Tuesday, Oct 17, 2017
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Perrysburg High student with cancer gets help from the little people at Toth


Ariel Davenport meeting the students at Toth Elementary. They are, from left, Matt Davis, Jordan Marsh, Kendyl Christy, and Marwa Sediqe.

The Blade/Matt Thompson
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Ariel Davenport is going in for her fourth and final three-week chemotherapy round, but it was a "good day," her mom said Tuesday when she received a donation from six Toth Elementary students. 

The 15-year old Perrysburg High School sophomore has Hodgkin‘s Lymphoma, a cancer of lymph tissue. Six students at in the essentials class, which brings together a few students from first to fourth grade to learn some basics, ran a Kool-Aid stand that raised money for her.

The stand was to teach the students how businesses operate and to learn more about money. The students decided to give the money to Ariel and her family to help with medical expenses. The students made $350 in three days of sales and had more donated by people in the schools and family to bring the donation total up to $710.

"It felt amazing knowing people are helping and supporting me," Ariel said.

She was in the classroom Tuesday during a lunch break from Perrysburg High School to receive the gift. Students literally couldn't sit still with excitement to meet her finally.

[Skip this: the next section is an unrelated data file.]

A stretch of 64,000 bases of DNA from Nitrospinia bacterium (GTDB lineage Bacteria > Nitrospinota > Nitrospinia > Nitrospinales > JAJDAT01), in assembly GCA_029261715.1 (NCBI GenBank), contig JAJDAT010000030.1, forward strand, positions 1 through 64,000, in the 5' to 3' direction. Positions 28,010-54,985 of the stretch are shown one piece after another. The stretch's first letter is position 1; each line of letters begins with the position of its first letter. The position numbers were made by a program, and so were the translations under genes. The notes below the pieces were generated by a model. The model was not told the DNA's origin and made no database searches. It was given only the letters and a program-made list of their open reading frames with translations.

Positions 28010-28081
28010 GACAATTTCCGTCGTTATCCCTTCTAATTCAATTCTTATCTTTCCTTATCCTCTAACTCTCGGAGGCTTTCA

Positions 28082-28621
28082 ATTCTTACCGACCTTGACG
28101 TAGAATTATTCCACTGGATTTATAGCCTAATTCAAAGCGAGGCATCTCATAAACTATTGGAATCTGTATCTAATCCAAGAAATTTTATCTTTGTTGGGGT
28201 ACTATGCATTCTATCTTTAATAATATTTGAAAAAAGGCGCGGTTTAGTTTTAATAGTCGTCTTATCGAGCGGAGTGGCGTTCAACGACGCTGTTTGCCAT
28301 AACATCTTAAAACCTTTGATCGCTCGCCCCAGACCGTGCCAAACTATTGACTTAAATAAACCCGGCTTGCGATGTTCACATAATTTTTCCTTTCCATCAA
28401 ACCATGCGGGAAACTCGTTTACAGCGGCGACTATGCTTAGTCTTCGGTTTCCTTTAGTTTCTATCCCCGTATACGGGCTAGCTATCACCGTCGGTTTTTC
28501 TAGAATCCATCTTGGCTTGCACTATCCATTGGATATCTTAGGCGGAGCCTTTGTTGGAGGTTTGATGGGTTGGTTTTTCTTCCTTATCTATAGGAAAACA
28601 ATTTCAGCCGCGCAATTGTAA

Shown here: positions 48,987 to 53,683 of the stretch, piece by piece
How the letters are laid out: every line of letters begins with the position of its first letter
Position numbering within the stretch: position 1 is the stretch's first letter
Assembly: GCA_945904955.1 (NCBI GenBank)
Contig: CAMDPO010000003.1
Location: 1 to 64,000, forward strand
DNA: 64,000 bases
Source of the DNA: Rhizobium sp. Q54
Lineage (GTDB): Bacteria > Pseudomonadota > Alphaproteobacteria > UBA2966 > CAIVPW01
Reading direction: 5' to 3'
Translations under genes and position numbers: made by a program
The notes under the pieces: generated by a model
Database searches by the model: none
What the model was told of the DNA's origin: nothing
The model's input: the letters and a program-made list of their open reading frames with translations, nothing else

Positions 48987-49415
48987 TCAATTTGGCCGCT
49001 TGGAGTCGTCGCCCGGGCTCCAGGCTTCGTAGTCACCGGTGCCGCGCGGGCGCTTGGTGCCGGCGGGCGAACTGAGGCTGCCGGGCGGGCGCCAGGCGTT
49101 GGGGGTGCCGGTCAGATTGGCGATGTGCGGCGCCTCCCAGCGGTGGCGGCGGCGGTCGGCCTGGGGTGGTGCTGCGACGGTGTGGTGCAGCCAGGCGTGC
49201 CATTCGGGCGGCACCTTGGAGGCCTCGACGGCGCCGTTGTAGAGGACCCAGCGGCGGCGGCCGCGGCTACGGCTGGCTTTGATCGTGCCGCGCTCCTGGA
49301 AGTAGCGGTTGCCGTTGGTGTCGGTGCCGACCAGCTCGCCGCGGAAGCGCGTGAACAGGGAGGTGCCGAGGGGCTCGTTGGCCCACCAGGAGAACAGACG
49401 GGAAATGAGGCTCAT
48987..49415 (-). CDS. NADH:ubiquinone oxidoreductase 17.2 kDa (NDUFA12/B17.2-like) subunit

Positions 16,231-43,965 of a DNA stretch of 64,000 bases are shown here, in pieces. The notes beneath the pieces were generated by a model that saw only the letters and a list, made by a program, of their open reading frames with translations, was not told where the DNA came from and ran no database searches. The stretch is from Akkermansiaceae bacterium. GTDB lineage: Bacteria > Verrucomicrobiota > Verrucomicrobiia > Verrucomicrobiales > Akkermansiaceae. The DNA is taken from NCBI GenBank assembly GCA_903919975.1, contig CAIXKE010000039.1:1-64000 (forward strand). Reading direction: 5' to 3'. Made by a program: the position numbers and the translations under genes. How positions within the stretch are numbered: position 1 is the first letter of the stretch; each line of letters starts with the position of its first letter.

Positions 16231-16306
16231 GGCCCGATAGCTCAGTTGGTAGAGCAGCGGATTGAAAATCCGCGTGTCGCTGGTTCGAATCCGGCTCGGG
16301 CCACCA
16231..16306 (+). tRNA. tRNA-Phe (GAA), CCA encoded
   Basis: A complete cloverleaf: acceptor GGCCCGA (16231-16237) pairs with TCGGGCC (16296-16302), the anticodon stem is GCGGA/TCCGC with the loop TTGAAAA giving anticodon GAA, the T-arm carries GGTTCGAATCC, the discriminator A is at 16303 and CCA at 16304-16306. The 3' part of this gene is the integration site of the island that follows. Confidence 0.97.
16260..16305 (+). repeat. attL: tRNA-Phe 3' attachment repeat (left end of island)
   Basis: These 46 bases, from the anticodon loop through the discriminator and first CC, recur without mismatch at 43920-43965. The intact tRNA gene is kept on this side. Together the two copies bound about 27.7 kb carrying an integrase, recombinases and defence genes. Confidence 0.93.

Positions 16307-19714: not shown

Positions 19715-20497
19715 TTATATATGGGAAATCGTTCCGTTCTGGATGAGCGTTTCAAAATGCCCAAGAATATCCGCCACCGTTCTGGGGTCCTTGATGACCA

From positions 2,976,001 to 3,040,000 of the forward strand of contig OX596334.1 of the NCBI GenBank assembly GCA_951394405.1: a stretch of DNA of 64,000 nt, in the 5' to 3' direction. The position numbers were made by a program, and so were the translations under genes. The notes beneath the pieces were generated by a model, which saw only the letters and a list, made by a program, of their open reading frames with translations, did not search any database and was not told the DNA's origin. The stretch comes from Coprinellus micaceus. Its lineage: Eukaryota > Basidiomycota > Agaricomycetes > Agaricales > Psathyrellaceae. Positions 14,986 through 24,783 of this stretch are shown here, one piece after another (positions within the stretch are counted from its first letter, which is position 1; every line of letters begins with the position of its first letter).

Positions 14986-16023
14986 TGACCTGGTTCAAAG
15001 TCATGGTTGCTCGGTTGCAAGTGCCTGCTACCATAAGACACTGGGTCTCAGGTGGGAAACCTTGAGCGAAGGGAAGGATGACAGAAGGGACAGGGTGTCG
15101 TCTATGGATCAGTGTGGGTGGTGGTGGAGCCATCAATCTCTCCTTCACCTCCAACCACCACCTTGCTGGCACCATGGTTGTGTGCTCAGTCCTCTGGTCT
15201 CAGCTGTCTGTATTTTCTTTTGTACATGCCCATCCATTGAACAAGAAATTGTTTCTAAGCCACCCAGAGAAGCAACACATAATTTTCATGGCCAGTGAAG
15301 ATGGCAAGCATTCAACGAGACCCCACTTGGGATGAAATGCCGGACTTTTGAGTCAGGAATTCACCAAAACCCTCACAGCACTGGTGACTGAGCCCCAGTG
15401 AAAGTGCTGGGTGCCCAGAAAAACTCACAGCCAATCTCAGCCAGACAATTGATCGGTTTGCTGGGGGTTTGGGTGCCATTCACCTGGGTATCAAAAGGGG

"They ask about you all the time," said Linda Nichols to Ariel, who is the long-term substitute teacher for the class. "It was my honor to do this."

First grader Marwa Sediqe couldn't stop praising Ariel's dress, which had Ariel from Little Mermaid on it. Fourth grader Jordan Marsh kept repeating to his teachers with excitement, "Ariel is here!"

Others in the class include Jo Johns, Matt Davis, and Kendyl Christy. Brennen Wilson helped with the stand, too, but he is on vacation and not in school this week. 

Students were able to meet, hug, and give cards to Ariel. A $710 check was presented to her. 

"We've gotten a ton of support from the whole community," said Lee Davenport, her father. 

Ariel found a lump under her arm in October and medicine made it go away for awhile, but a biopsy in March revealed the cancer they were dealing with. After this chemotherapy round, she will move to radiation and more fully body tests. 

Ariel's mother Barb Davenport is excited to have the treatments finished, so her daughter can start taking her drivers education classes.

"This is so nice," Ariel said. "I'm very grateful and blessed with the support." 

Contact Matt Thompson at: mthompson@theblade.com, 419-356-8786, or on Twitter at @mthompson25.

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